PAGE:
The New Testament does not help much. In the Gospels, Jesus never mentions the subject, though he is specific on other detailed issues of morality. Those who accept St Paul's condemnation of homosexual lust do not necessarily accept his other culturally specific injunctions. Believe Paul literally and you will accept slavery, denounce long hair, require wives to be subservient to their husbands, and never criticise the government (Paul, remember, expected the end of the world within his generation). You would also insist that "women should stay silent in church" - not an injunction to which the voluble Mrs Atkins seems ready to acquiesce.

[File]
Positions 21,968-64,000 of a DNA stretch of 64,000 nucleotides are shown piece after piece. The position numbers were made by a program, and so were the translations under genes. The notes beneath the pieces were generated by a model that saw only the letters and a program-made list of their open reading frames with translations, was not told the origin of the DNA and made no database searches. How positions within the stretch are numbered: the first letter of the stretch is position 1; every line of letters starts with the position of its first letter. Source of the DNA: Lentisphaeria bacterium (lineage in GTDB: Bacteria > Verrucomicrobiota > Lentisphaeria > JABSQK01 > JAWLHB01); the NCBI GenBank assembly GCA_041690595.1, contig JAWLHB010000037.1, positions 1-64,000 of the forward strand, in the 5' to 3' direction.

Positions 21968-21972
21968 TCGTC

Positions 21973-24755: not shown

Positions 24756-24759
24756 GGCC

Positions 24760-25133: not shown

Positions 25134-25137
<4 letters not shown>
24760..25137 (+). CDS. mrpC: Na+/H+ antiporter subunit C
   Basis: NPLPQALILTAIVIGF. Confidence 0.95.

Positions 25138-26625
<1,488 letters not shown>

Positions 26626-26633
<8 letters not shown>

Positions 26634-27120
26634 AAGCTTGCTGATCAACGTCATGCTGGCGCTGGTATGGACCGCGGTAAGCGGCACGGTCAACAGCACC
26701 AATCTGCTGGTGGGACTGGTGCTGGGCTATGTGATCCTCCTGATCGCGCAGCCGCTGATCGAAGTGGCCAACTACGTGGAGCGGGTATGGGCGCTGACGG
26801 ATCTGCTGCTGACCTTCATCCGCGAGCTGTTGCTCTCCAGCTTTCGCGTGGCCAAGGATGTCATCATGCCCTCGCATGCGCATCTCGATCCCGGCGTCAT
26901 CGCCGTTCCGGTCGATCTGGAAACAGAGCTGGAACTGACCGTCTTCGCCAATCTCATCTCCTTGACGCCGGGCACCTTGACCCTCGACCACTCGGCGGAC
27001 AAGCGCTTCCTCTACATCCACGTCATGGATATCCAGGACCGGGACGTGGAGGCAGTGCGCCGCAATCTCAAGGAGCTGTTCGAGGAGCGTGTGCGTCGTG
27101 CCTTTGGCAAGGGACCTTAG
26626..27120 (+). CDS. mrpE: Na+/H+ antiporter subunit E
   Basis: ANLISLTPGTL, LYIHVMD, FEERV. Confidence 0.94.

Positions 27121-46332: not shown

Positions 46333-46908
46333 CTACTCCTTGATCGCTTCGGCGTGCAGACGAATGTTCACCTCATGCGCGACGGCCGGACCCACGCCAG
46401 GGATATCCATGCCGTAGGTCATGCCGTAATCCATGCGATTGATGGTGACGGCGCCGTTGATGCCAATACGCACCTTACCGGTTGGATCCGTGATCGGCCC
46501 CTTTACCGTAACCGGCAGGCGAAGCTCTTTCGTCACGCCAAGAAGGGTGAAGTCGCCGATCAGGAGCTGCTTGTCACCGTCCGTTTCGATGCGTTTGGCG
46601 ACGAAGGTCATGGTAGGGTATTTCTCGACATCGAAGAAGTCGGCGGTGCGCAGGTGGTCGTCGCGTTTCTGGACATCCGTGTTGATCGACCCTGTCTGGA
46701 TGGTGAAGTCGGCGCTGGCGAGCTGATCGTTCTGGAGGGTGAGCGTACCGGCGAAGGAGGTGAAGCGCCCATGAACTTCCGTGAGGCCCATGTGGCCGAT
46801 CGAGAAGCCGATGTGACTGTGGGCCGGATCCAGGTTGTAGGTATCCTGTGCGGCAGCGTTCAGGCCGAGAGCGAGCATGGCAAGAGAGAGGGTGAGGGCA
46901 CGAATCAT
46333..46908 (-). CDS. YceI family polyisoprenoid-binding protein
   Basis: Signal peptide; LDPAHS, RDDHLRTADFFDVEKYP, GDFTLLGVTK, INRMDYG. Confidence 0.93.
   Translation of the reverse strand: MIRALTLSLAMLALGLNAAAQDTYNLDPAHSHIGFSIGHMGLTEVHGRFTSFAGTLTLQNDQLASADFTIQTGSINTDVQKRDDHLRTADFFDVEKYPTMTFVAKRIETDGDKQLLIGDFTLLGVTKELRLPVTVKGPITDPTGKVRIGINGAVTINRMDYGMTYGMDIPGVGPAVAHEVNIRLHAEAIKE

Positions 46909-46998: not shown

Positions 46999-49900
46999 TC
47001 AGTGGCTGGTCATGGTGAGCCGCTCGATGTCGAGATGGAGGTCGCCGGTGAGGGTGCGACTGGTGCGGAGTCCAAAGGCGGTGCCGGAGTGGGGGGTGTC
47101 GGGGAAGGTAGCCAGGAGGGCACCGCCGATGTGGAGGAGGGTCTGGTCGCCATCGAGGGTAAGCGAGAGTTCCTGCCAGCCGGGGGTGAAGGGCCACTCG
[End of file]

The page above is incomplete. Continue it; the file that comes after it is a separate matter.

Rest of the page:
The fact is that the mainstay of Christian opposition to same-sex relationships rests on tradition. Its core is the principle of the natural law which the early Church drew, using the philosophical tools of the pagan Aristotle and the Stoics, from observing the world around it and inferring that how the world was is how God intended it to be. The central purpose of sex, it therefore pronounced, is procreation.
Many early churchmen, such as St Augustine, followed St Paul in thinking sex a shameful activity at the best of times - virginity and continence are the highest callings. Certainly any deviation from the procreation end was therefore, well, deviant.
But the suppositions that underlay natural law were culturally specific, too. It viewed sexuality in terms of the welfare of societies rather than individuals. It also assumed, as did the Bible, that everyone was a heterosexual and that a few perverts chose to ignore their true nature out of wilful lust. There was no such thing as homosexuality, only homosexual acts.